Union calls for deeper probe of SAQ
Between 1992, the first year of privatization, and 2004, Alberta alcohol prices increased by 39 per cent vs. 21 per cent in Quebec and 27 per cent in Ontario, Carbonneau said. Hourly wages of liquor store employees, meanwhile, dropped by 36 per cent.
When the union itself compared the prices of 45 randomly chosen wines and spirits at the SAQ, the Liquor Control Board of Ontario and a high-end liquor store in Calgary whose selection and quality matched that of the SAQ, it found many prices were highest at the privately run store.
While the mushrooming of new stores after privatization, from 310 to 1,087, brought some savings, price, quality, selection and knowledge of staff vary widely, the union said. Even though the overall number of products might be greater (12,000 vs. about 7,000 in Quebec), there is no guarantee consumers will find them on the shelves of their local liquor store, which, on average, carries 200 to 300 products vs. 1,000 at an SAQ outlet.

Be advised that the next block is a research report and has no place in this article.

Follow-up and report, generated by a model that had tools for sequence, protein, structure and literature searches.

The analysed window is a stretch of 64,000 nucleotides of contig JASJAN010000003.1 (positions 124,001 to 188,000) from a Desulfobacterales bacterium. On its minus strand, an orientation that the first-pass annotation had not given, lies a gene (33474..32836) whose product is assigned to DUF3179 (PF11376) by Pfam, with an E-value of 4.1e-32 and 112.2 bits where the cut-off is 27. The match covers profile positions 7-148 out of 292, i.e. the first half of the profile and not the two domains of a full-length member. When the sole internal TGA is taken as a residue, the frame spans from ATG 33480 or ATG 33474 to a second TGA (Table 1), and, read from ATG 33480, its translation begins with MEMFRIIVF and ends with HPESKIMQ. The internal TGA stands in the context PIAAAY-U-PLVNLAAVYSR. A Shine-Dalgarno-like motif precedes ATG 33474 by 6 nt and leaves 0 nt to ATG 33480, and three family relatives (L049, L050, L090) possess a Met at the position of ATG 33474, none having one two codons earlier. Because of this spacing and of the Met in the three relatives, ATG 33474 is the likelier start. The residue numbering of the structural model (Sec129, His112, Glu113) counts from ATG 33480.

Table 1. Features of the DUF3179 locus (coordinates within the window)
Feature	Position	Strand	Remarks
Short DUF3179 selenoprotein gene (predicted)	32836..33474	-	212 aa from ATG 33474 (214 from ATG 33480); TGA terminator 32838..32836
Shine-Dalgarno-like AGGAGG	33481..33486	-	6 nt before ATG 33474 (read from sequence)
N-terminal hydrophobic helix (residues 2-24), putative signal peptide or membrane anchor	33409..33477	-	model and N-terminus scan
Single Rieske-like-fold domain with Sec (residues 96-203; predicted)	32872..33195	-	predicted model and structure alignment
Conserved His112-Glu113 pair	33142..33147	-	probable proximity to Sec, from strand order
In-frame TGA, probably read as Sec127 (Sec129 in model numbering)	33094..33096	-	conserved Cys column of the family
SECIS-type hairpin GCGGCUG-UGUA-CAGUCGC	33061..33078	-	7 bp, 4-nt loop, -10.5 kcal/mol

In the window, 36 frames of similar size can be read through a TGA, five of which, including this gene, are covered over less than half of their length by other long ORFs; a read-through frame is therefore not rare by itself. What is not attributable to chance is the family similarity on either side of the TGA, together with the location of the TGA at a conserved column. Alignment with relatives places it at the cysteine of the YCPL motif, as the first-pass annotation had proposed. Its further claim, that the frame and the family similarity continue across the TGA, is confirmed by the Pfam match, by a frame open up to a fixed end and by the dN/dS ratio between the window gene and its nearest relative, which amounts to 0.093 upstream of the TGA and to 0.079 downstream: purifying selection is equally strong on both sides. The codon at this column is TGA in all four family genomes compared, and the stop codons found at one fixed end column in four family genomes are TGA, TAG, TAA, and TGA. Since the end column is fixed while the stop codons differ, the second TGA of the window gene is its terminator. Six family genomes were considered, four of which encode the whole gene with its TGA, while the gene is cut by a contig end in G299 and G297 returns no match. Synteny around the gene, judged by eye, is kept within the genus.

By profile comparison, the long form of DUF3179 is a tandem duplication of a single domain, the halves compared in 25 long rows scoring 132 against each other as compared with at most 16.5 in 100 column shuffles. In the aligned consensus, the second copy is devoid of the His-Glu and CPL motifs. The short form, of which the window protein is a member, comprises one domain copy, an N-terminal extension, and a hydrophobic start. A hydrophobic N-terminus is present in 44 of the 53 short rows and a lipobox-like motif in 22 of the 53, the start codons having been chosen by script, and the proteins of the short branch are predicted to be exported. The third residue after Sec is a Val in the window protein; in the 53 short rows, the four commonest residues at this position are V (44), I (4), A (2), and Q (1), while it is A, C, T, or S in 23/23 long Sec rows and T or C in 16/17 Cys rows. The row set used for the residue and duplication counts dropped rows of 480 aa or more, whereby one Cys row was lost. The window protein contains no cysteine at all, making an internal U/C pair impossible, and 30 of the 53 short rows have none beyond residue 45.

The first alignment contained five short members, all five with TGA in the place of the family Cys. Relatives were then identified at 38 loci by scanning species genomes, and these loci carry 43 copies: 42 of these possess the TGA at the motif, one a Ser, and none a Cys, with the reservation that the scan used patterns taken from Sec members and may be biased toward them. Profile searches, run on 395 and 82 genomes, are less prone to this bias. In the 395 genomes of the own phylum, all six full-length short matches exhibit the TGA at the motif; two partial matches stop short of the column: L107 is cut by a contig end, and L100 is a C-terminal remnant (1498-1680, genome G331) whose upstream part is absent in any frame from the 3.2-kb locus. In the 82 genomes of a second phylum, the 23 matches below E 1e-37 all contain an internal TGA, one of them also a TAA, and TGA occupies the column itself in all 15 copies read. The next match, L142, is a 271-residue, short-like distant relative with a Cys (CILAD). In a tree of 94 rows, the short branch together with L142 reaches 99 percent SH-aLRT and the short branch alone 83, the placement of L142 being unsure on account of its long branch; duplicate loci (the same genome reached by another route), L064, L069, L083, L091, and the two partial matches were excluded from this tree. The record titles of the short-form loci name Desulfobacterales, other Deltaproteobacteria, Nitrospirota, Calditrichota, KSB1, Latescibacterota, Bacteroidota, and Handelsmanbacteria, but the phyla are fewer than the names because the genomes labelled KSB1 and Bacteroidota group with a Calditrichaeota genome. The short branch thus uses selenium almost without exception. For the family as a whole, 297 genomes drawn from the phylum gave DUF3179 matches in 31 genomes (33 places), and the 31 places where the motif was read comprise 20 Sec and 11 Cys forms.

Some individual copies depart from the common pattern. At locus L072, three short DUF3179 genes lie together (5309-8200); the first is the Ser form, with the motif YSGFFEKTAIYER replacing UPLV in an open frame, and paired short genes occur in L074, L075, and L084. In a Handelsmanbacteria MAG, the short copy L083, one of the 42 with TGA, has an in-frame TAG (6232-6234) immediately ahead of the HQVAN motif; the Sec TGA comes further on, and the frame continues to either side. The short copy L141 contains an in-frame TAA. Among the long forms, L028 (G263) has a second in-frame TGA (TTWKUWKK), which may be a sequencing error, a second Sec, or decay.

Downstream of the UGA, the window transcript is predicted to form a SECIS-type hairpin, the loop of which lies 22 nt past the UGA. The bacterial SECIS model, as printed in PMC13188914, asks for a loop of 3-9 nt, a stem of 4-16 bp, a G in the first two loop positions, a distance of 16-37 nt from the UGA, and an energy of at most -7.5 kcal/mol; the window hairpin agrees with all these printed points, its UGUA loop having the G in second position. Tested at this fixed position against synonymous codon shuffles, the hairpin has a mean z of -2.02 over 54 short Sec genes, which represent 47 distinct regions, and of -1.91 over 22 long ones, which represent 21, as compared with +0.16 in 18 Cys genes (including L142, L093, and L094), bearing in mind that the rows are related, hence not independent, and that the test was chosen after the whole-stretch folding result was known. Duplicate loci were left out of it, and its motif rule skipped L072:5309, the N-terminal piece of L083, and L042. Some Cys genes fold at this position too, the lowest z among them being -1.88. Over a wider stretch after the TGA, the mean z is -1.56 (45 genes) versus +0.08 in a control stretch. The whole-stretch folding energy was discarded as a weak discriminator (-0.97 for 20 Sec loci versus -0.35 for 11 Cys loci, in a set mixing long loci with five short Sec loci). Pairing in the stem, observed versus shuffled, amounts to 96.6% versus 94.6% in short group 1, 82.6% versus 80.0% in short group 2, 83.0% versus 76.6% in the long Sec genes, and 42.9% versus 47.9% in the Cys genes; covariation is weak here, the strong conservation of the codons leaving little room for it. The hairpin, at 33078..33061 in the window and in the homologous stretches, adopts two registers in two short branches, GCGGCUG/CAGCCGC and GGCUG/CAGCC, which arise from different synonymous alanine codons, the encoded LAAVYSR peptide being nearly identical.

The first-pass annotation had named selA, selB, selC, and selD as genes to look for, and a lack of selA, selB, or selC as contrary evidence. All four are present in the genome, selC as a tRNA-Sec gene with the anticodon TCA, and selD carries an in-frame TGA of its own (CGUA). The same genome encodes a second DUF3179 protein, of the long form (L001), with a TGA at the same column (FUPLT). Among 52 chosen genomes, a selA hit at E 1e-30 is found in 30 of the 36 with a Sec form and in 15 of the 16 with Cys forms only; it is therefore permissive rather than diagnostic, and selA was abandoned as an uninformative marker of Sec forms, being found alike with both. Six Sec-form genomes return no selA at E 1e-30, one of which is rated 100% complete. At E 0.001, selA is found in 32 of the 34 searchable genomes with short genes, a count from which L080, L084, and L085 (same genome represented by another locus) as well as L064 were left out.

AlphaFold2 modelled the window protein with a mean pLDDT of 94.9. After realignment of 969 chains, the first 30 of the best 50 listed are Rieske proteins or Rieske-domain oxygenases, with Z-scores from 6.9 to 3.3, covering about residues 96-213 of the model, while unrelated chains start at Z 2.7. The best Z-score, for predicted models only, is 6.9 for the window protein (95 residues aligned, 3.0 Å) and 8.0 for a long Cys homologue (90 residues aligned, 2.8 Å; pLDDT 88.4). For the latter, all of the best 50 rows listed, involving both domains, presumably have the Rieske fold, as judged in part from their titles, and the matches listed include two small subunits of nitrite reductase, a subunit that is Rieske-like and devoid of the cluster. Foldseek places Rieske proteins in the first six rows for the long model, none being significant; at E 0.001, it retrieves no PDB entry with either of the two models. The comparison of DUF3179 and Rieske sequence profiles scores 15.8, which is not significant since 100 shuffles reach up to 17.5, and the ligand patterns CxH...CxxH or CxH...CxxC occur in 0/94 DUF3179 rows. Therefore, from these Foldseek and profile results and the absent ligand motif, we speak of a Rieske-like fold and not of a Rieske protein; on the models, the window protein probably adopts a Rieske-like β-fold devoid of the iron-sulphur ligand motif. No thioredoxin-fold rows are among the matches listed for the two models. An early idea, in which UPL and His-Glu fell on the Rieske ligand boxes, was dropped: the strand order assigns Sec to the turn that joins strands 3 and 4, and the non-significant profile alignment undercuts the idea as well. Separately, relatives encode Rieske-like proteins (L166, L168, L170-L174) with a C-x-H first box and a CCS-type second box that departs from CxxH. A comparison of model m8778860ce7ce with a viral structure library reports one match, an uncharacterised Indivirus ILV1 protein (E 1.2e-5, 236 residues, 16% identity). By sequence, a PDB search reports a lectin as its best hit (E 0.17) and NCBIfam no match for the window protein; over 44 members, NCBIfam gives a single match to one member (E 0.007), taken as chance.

Alberta trust on hunt for outlets in fragmented market
It's a familiar story -- an Alberta business that's growing rapidly, looking for acquisitions wherever it can and boosting distributions ahead of schedule.
The only thing that's missing is oil.
Since its inception in late 2004, Edmonton-based Liquor Stores Income Fund has proven that Alberta is a pretty good place for booze retailing, too. With a strong balance sheet and a record of quick growth, the income trust -- a product of the marriage of two liquor store companies -- is still hungry. And in a highly fragmented Alberta liquor store market, it's moving aggressively to position itself atop the consolidation mountain.
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